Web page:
Age-Old Wisdom meets Modern Tools
How to Freeze Corn
Try Freezing Fresh Corn for Later!
We love corn on the cob in the summer, but the season for fresh corn only lasts so long, so the next best thing is to freeze it! Freezing corn is a little messy, but it’s not hard at all. Wouldn’t it be divine to have a taste of summer come January?
Get Corn Into the Freezer Quickly
Make sure that your corn is really fresh (as in picked the same day) because corn goes downhill fast. Corn takes only six hours after it is picked to change from a sugar to a starch. So it’s important to get it into the freezer quickly once it’s taken from its stalk.
Corn is different from most vegetables. It isn’t pollinated by the bees; rather, the wind does the job. Each individual tassel connects to a single kernel of corn so there has to be a whole lot of pollinating going on to create nice, big, full ears. That’s why small patches of corn don’t usually work out so well. We need a large stand for the wind to be able to blow enough juice to satisfy every tassel. The way my garden is set up is not ideal for corn so I buy it from my local, organic farmer.
How to Freeze Corn
I arrive at my local, organic farm when or slightly after it opens. I buy three dozen ears and bring them home. Two and a half dozen of these ears will be frozen!
Immediately, I put a large pot of water on the stove to boil.
While waiting for this to happen, I shuck the corn from its husks, removing all that silk.
I also get out several trays of ice, depositing the cubes in an insulated container. Quart-sized freezer bags are labeled with the year and set aside. A large stainless steel bowl is pulled from the cupboard and placed on the table.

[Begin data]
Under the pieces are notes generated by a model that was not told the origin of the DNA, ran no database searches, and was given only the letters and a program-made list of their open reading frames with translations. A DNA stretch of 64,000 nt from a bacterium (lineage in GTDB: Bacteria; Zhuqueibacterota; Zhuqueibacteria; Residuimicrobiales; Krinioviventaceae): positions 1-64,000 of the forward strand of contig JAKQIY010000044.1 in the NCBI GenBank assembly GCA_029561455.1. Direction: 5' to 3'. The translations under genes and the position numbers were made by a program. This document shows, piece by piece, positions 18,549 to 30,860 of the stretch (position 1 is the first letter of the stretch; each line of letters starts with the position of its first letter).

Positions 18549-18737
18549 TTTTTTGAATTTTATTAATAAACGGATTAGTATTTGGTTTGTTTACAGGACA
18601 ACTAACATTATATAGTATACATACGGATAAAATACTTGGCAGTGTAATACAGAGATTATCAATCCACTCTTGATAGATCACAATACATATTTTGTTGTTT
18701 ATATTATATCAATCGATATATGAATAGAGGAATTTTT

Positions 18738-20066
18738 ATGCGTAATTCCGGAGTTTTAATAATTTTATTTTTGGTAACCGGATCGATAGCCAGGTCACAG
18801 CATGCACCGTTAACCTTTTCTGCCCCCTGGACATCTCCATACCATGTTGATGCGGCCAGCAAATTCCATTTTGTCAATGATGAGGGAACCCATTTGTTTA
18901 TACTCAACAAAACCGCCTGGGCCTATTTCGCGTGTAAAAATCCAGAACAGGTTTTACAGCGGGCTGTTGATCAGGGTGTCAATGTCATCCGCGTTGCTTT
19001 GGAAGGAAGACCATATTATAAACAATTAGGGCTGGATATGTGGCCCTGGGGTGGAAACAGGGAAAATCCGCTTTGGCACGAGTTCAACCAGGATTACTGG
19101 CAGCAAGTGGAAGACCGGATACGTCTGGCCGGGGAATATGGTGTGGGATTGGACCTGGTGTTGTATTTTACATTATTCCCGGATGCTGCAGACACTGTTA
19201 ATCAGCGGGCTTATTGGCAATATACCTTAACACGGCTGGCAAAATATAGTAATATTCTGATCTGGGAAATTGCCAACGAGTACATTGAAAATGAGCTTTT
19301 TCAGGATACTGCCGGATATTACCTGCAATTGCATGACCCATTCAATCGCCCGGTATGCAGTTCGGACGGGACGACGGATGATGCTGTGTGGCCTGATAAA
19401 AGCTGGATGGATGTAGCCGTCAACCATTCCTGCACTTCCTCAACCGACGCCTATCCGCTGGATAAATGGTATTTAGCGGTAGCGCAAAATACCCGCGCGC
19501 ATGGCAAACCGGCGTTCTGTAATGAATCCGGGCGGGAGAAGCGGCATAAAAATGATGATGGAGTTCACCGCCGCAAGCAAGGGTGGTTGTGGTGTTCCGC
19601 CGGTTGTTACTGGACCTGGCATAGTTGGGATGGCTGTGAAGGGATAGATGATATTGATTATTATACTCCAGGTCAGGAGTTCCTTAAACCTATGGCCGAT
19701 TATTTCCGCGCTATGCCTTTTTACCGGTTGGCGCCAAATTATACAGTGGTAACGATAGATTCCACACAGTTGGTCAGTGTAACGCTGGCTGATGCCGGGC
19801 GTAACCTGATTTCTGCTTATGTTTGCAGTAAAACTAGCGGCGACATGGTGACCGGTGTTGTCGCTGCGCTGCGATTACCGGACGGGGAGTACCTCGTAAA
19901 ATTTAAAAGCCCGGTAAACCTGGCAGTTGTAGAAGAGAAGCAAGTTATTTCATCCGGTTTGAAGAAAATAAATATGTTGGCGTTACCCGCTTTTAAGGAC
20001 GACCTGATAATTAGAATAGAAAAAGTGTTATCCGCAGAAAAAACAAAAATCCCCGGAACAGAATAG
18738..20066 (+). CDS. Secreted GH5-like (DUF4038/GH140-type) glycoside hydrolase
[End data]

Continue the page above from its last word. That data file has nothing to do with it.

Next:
Blanching the Corn
Once the water starts boiling, I use tongs to deposit six ears into the water and begin the timer for 4 minutes. (How many ears of corn you can blanche depends on the size of your pot.) Start counting your time as soon as the cobs enter the water.
I fill the large stainless-steel bowl half with cold water and throw in eight or nine ice cubes to make it colder. When the timer dings, I pull the ears from the hot water and plunge them into the iced water to halt the cooking process. Let the corn sit in the icy water until it’s cold.
Repeat this with all the ears.
Slice the Kernels from the Cob (or Don’t)
Once the corn has cooled, I place the ears on the tray. Using a sharp knife, I cut the kernels from the cobs into a bowl, just running the knife down the sides. It’s messy! Try to get as many of the kernels off a you can. If you can do this job outside, even better for clean-up!
(You can freeze the entire cob instead, but I don’t care for frozen cobs and they take up a lot of space.)
Freezing the Corn
When you have a big pile of kernels, scoop it into freezer bags (generally 3 or 4 ears fills a quart), pat them flat (to remove air and so that they will stack easily) and seal the bag. Another trick—place a straw inside the bag, seal it mostly up, suck out the extra air and seal quickly.
Put in freezer in single layers so the corn freezes quickly.
Doing this twice a summer gives me about 16 quarts which is plenty for my use during the winter. You can use ¼ of the bag, or ½, or the whole thing.
Sweet corn is wonderful in soups, stews, and stir fries—or, as a scrumptious side—all year long.
We can’t talk about sweet corn without leaving you with some delicious recipes! Here are a few:
About This Blog
Celeste Longacre has been growing virtually all of her family’s vegetables for the entire year for over 30 years. She cans, she freezes, she dries, she ferments & she root cellars. She also has chickens. Celeste has also enjoyed a longtime relationship with The Old Farmer’s Almanac as their astrologer and gardens by the Moon. Her new book, “Celeste’s Garden Delights,” is now available! Celeste Longacre does a lot of teaching out of her home and garden in the summer. Visit her web site at www.celestelongacre.com for details.